Confused Words: Accept, Except

Except This Animal As the Dog You Want, Accept That It’s a Cat! “Meowoof!”

by Owen Fourie

How confusing! A cat that tries to bark! There is even greater confusion in the way the two words except and accept are used in the subtitle.

Let’s correct it:

Accept This Animal As the Dog You Want, Except That It’s a Cat!

To be safe, we’ll get away from the barking cat and deal only with the confusion between accept and except.

Not homophones

Many lists of homophones include accept and except; however, these two words do not qualify as homophones.

Proper enunciation makes a clear distinction between these words. Their first syllables do not have the same sound.

Accept and except do not qualify as homophones, homonyms, or homographs.

We simply have to regard them as confused words where the user appears to be unaware of the distinction or unaware of the existence of the other word.

Sorting out the confusion

Let’s get a practical understanding of each of these words to use them correctly.


Accept is used as a verb and simply means to receive something or to agree to something.

  • He decided to accept their kind invitation to join them on their European tour.
  • They will accept her desire to be a member of the mountaineers’ society.
  • Please accept my apology for not remembering to cook your favorite stew for your birthday.
  • She was sure he would accept her plan to extend their garden.

Perhaps it will help you to remember how to use accept correctly if you associate it with another word that begins with the syllable ac: In a list of related words that you might find in a dictionary, the word acknowledge should appear in association with accept.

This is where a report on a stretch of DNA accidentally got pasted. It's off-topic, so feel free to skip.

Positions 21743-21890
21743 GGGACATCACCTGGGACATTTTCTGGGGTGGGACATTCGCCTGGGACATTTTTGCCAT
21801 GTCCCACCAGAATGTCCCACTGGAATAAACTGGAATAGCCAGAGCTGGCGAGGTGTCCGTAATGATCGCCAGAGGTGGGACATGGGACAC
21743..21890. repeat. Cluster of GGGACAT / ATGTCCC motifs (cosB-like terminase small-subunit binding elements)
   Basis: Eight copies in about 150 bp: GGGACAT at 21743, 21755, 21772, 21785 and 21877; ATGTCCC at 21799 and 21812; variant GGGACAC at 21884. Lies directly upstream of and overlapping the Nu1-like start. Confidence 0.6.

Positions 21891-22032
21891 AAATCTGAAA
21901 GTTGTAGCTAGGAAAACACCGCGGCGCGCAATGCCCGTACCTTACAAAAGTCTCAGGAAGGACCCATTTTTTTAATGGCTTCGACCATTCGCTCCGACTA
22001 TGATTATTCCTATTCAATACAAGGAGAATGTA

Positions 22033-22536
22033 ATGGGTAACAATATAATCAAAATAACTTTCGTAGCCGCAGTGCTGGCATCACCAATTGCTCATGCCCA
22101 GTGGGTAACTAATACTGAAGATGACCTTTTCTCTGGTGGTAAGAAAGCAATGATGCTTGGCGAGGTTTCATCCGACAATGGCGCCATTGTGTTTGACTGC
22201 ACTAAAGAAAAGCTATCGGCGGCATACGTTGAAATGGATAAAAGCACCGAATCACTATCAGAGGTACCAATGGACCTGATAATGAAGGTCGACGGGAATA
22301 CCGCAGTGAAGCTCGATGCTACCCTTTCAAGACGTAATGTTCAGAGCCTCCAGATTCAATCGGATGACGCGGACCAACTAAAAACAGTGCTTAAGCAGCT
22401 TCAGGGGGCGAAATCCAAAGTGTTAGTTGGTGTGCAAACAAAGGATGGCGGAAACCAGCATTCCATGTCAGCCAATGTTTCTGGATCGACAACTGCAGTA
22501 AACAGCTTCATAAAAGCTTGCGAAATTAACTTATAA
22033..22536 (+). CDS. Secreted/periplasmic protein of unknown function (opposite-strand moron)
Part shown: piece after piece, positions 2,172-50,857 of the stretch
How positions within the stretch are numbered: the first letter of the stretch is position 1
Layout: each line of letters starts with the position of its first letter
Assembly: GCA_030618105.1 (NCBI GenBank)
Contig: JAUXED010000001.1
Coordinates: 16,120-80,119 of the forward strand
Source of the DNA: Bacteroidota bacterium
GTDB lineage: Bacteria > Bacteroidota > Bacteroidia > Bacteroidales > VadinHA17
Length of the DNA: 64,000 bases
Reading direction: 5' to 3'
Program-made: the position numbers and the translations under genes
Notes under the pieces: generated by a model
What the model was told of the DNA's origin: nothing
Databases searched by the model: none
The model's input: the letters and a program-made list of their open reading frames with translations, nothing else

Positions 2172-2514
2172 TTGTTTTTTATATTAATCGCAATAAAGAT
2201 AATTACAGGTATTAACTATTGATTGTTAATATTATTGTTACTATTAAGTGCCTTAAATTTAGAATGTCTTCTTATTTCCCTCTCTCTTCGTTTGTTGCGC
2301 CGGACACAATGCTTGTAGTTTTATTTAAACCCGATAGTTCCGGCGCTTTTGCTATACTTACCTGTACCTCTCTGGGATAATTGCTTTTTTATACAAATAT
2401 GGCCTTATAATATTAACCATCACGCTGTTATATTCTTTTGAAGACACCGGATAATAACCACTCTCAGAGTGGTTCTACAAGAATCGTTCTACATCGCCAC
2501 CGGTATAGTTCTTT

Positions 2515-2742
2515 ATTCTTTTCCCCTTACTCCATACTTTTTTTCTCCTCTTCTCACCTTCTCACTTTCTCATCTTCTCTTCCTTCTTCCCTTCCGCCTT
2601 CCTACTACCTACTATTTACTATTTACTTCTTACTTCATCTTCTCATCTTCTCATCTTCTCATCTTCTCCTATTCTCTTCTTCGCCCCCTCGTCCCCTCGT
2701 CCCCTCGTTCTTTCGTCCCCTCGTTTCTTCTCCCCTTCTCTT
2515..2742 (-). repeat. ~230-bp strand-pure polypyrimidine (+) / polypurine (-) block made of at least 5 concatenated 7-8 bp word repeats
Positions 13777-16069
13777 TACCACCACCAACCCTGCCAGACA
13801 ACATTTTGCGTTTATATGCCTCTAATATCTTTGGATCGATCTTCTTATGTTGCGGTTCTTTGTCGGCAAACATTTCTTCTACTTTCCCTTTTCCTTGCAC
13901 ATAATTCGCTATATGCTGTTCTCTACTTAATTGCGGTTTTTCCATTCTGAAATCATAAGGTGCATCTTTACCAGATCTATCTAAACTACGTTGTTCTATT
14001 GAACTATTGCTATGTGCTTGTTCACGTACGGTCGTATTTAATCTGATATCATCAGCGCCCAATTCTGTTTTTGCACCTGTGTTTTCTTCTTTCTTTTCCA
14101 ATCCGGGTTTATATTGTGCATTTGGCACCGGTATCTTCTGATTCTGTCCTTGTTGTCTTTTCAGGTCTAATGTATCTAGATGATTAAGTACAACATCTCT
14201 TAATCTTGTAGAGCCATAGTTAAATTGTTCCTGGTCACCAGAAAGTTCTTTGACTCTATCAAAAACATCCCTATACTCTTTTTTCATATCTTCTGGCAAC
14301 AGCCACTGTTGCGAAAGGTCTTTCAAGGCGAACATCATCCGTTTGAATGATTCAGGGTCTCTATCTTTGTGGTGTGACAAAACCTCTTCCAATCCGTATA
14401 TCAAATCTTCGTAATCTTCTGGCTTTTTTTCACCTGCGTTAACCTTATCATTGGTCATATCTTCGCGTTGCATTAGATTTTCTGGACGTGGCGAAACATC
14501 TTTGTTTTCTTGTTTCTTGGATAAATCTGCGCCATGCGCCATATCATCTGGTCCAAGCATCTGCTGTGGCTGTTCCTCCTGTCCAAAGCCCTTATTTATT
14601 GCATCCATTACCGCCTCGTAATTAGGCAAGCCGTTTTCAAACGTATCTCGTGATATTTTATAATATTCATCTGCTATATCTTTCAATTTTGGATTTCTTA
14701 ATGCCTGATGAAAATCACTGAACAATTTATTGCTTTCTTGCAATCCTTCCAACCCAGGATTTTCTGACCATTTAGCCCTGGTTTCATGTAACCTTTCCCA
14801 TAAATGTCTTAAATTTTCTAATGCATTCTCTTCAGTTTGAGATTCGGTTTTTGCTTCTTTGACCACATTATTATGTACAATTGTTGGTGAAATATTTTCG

Here is a sentence that will demonstrate how this could work:

After his debut as an actor, he was acknowledged (accepted) as a strong contender for the leading role in the director’s next film.

In some instances, to accept something (a theory, a claim, an order) would be to acknowledge its validity. Accept and acknowledge begin with “ac.” If you associate these two words, it should help you to use accept correctly.


Except is used as a verb, a preposition, and a conjunction. It can be used when showing the difference between a set of things and another thing or between a group of people and a particular person. It refers also to something that is excluded from a situation. Whatever it is, it is the exception.

As a verb, except is often used in its past tense form:

  • That private school’s tuition is expensive, but the benefit is that the third sibling in each family is excepted.
  • The senior citizens in the touring party were excepted from the requirement to pay an additional fee to cover the increase in the price of fuel.

As a preposition, except speaks of exclusion and difference:

  • This problem concerns the whole class except Emma who wasn’t involved at all.
  • All failed except Justin who had applied himself with enthusiasm to his studies.

Except is also used as a conjunction:

  • I would like to buy that old car except that it will cost too much to maintain it.
  • The news disturbed him, and he would not say anything except to excuse himself from their company.

To help you to use except correctly, remember that one of its synonyms is the word exclude. Both words begin with the same syllable. Associate except with the idea of excluding something.

Remember: accept, acknowledge; except, exclude.

To conclude, please note that I accept the existence of many strange things except, of course, barking cats.


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